W3C home > Mailing lists > Public > public-xg-webid@w3.org > March 2011

Re: report on EV and SSL MITM proxying

From: Henry Story <henry.story@bblfish.net>
Date: Tue, 8 Mar 2011 19:26:02 +0100
Cc: <public-xg-webid@w3.org>
Message-Id: <CDE66122-4BD1-4E19-880C-50CE79466E69@bblfish.net>
To: peter williams <home_pw@msn.com>

On 8 Mar 2011, at 18:58, peter williams wrote:

> After 15 years of trying and 10 major vendors, isnít it a bit surprising that none of them have reduced it to a trivial easy UI? Itís so easy!

Indeed, it is surprising, and it is easy to improve :-)

>  Hardly a logical argument; peter. Far too empirical!

So I suppose if Galileo found that the earth turns around the Sun, you would have argued that this was impossible because for the previous million years nobody had thought of it.

Science moves in weird ways. You can't argue from the fact that something has not been done, that it can't. And you can't argue that because your opponents are rich that they must be right. After all Galileo had the Pope against him. 

Think rather what is NEW in what we are doing, and think why there was not much momentum for client side certificates.  I explained that already a few times. Client side certs that can only be used on one web site are NOT very useful. They only become useful when useable globally. And they can only do that with URIs. So the problem with client side certs was:
  - using distinguished names
  - lack of linked data
  
So we solve these problems the rest  is easy. There will then be an incentive to improve the User Interface.

>  
> Try to go through Ryanís argument; he actually answered you logically. In defending EV, he distinguished it from other server certs that *some* browsers will not clearly characterize as having been MITMíed.

It may be useful to have browsers show that they are using proxy certificates. If this is your UI improvement proposal it sounds ok, but it's not a big deal. You can see why not a lot of time was invested in this.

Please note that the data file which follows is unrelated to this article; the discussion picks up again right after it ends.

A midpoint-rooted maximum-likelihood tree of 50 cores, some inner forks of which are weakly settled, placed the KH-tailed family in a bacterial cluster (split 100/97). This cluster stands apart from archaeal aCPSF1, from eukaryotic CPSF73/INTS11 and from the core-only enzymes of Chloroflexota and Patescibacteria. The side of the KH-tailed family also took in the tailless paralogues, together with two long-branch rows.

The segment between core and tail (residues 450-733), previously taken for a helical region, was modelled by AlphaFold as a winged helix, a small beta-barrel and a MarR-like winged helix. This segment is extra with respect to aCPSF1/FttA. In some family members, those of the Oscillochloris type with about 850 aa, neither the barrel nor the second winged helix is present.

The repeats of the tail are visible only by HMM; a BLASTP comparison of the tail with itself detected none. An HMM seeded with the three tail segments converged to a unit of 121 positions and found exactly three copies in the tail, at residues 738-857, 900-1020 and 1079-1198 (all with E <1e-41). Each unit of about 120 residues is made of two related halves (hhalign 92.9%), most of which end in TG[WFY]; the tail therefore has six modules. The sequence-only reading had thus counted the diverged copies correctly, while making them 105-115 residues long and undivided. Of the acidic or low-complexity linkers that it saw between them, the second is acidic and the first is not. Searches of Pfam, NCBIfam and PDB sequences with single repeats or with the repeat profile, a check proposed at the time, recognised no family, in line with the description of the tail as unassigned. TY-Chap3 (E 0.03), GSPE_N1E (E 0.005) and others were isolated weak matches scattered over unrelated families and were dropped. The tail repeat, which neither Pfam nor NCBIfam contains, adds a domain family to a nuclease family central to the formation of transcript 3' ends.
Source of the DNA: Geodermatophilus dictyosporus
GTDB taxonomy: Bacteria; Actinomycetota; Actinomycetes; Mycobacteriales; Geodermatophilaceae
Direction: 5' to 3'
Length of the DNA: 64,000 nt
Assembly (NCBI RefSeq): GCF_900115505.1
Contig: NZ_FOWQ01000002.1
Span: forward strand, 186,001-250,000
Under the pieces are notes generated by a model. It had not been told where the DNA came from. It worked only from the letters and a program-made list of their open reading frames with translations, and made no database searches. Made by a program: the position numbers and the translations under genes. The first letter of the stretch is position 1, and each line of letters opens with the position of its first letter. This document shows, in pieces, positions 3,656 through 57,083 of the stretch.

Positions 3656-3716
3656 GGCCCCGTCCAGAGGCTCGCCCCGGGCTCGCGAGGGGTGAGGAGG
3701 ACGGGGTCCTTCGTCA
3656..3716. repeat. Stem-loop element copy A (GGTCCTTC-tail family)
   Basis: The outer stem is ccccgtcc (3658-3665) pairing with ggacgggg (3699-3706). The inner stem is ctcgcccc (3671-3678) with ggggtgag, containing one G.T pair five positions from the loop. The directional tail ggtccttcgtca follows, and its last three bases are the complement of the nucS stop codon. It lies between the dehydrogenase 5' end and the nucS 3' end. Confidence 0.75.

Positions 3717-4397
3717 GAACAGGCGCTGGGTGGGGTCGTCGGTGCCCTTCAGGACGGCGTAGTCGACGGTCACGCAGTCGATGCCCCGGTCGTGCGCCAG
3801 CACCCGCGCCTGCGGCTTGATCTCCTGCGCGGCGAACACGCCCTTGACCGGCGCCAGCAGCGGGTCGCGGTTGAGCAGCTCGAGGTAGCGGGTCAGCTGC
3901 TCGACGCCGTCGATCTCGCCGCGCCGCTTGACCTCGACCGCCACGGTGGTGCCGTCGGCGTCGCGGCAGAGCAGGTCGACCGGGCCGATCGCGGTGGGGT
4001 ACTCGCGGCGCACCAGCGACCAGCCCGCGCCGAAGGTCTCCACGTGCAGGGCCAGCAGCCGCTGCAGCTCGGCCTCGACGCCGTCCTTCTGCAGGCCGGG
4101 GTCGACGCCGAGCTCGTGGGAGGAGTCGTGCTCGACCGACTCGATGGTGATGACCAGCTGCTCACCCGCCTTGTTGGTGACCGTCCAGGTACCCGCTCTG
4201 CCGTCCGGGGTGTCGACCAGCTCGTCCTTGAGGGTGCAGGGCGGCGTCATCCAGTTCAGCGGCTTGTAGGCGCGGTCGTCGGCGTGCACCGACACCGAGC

> Having thus acknowledged the world of SSL MITMing as a fundamental threat, he then suggested: perhaps look for user id protocols OTHER than TLS client authn.

My argument is that it is not a fundamental threat. You make it sound like TLS does not work. But in fact it works very well. If you are in control of your OS and machine you will not be able to work through these proxies - ie: you will be blocked from revealing information to a third party which is what you want.

Whatever system you come up with will have this problem: if you need to use someone else's network and they want to see what you are doing and communicating they will be able to argue that they should not pass on the information unless you give them the keys. Be that using TLS, XML encryption or anything else.


> He outlines how the world involving any cascade of SSL MITMing proxies (needed for social/corporate ďinterestsĒ) interferes with end-end client authn, precluding its use beyond interaction with the first proxy in the sequence. He didnít say it, but this is not a real constrain if that proxy is now a websso IDP, than translates the layer4 assertion into a layer 7 signed token that bypasses transport bridging.

Social Corporate interests are not necessarily evil. They are larger agents and if they need to see what is going on their network, they will only be able to do so if you accept to give them access to your machine. And this will be so whatever technology you use.

So in fact the legal uses of TLS work correctly, the illegal uses of TLS work correctly. There is a gray zone with corrupt CAs, but that will be dealt with ietf DANE and DNS-SEC. 

>  
> Not really my words, and really not my argument. I just elicited the words and arugment from folks that others here *should* find reputable.
> 
> 
>  
> From: Henry Story [mailto:henry.story@bblfish.net] 
> Sent: Tuesday, March 08, 2011 12:03 AM
> To: peter williams
> Cc: public-xg-webid@w3.org
> Subject: Re: report on EV and SSL MITM proxying
>  
> Some folks suggested that life would be all rosy, in webland, if the browser displayed which client cert had been presented to a given website (per tab, presumably). How come those over-complicating security designer types, just donít do simple and obvious things, when its ALL so EASY if one just thinks minimally and logically!
>  
> I have not seen an argument in what you have put forward that shows that this is not an easy thing to do. The only arguments from browser vendors I have heard, is that client certs are not widely used, and so it has not been a priority for them.
>  
>  

Social Web Architect
http://bblfish.net/
Received on Tuesday, 8 March 2011 18:26:40 GMT

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